It turns out the tiny insects push off the ground using their shins and feet.
"It's been known fleas are incredible jumpers for 1,000 years," said Gregory Sutton, a research fellow at the University of Cambridge in England. "If you see fleas in your hand and you see them jump and you realize how small they are, it doesn't take much to realize these guys are catapulting themselves huge numbers of body lengths," said Sutton, who along with a colleague completed this most recent study of the mechanics of a flea's jump, an athletic effort that catapults the fleas 50 to 100 times their body length.
One mystery solved, another remains
Fleas jump more quickly and with more force than would be possible using muscle. This mystery was solved in 1967, when researcher Henry Bennet-Clark discovered that the fleas, using an elastic pad made of a protein called resilin like a tensed spring, release the pad to catapult themselves into the air. [Image of Flea Resilin]
But this discovery gave rise to another debate that remained unresolved: How did the fleas transfer the force from the spring mechanism to the ground to lift off? Bennet-Clark believed a flea pushed down through its tibia and tarsus (equivalent to a human shin and foot or toe, respectively). Meanwhile, fellow flea researcher Miriam Rothschild believed that fleas pushed off using their trochantera (equivalent to human knees).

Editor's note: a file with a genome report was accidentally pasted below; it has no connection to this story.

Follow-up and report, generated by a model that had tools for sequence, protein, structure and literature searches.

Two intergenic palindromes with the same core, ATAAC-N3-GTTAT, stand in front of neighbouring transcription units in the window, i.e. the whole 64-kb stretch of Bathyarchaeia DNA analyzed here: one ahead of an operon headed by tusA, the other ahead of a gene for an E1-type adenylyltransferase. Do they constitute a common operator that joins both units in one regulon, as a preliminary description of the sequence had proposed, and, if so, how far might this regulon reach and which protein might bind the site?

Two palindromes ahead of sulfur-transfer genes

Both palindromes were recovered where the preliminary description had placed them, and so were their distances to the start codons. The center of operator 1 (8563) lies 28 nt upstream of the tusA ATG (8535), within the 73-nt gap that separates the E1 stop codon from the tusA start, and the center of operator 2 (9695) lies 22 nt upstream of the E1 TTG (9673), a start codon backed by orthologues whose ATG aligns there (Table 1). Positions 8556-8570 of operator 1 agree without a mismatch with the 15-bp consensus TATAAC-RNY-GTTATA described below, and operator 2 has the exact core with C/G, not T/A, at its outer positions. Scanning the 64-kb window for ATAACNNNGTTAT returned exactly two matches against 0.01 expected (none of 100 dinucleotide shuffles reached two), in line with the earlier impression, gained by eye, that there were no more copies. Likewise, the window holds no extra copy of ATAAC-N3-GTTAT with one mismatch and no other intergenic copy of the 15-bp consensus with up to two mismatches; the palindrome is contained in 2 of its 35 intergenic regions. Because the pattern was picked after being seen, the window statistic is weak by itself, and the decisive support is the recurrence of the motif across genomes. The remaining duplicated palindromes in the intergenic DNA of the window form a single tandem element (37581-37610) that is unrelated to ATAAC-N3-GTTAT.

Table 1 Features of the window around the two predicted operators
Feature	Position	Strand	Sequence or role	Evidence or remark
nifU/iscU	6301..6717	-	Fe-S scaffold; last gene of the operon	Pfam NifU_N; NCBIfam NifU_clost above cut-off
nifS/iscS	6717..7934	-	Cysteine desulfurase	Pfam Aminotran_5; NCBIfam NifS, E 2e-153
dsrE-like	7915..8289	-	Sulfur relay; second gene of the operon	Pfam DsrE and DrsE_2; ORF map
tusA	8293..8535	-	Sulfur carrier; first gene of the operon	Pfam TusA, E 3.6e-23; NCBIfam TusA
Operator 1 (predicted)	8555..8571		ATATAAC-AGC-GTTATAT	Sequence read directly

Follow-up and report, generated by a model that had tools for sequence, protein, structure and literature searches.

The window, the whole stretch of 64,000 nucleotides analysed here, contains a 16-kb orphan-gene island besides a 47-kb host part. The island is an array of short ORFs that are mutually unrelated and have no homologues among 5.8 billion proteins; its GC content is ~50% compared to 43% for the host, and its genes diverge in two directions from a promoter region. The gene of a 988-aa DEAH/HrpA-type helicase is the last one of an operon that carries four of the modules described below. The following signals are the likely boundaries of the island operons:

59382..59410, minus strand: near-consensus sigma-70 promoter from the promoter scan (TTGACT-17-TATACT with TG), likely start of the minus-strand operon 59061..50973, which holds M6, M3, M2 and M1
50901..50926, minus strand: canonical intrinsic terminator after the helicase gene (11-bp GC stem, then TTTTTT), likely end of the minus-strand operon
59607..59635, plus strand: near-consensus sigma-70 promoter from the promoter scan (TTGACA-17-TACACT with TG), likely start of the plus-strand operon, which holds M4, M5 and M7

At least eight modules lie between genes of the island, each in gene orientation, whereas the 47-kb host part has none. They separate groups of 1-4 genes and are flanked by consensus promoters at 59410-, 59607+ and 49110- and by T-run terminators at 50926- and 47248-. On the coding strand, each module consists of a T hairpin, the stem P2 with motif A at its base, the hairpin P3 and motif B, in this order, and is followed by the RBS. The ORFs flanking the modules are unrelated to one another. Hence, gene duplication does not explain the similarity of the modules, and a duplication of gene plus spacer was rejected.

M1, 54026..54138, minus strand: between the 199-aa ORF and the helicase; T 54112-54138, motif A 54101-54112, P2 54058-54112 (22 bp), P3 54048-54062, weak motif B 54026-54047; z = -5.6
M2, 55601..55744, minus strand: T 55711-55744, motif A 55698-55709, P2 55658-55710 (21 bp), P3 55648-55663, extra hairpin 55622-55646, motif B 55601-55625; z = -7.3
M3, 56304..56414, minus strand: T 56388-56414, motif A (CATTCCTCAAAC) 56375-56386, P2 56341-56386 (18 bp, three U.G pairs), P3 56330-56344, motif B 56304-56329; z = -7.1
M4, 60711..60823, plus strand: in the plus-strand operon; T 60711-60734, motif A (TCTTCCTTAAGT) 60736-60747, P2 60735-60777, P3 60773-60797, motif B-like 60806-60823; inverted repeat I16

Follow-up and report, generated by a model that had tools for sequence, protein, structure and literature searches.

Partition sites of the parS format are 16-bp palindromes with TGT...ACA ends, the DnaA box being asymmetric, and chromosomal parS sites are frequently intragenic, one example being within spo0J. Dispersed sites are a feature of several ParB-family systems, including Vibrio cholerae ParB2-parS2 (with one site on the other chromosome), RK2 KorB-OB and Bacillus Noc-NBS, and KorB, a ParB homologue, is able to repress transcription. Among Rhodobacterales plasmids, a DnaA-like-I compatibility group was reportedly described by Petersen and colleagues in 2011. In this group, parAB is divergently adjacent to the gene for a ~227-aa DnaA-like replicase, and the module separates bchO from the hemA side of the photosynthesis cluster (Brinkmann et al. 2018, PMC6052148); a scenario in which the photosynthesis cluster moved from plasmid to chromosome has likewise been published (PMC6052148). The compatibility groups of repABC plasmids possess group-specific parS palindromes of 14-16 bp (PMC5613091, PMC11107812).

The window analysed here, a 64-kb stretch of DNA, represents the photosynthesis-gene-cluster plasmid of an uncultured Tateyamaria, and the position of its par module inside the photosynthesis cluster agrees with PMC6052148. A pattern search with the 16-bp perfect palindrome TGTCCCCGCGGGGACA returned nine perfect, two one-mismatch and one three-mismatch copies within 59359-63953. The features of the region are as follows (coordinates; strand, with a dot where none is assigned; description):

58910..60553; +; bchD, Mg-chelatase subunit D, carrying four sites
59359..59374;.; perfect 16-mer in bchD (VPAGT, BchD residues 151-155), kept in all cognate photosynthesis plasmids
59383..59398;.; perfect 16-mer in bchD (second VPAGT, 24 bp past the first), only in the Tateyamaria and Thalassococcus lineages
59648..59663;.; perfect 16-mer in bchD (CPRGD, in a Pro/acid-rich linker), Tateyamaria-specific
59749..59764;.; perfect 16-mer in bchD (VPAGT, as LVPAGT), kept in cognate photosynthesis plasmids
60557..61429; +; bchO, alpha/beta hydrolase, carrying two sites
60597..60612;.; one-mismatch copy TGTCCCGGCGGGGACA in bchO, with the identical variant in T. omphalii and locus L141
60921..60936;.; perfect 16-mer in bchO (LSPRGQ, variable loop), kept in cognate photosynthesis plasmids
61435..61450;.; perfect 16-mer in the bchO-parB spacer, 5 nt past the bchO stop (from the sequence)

Sutton and study collaborator Malcolm Burrows, also of the University of Cambridge, resolved the debate using high-speed cameras, an electron microscope and computer modeling, plus 10 hedgehog fleas (donated by the Tiggywinkles Wildlife Hospital Trust).
Before fleas take off on a jump, their knees appear to rest on the ground, creating an important sticking point in the debate.
With the aid of the cameras, the researchers filmed the fleas jumping 51 times. In 45 of those jumps, the fleas' feet and knees were on the ground when the flea pushed off. However, in the remaining six, the knees were both clear of the ground at that time, indicating they did not transfer the force of the jump to the ground. In all of the jumps, the feet touched the ground.
Pictures taken through the microscope revealed that spiny gripping structures — which come in handy while bracing during lift off — covered the fleas' feet and shins. The knees, meanwhile, were smooth. And finally, the researchers used computer models to run simulations of both jumping theories. Here, too, evidence supported the lower-leg push-off theory.
"We pretty much discounted the hypothesis that force is going through the knee," Sutton said. Their work appears in today's (Feb. 10) issue of the Journal of Experimental Biology.
This doesn't mean there aren't more mysterious aspects to flea jumping ripe for exploration. The team plans to look at how the fleas control their jumps.
"We never observed any time when one leg would extend without the other one, so we want to figure how the fleas do that," Sutton said, explaining, "there doesn't appear to be any mechanical connection between them, but they fire off at exactly the same time."
Photo: Gregory Sutton
This article was reprinted with permission by LiveScience.
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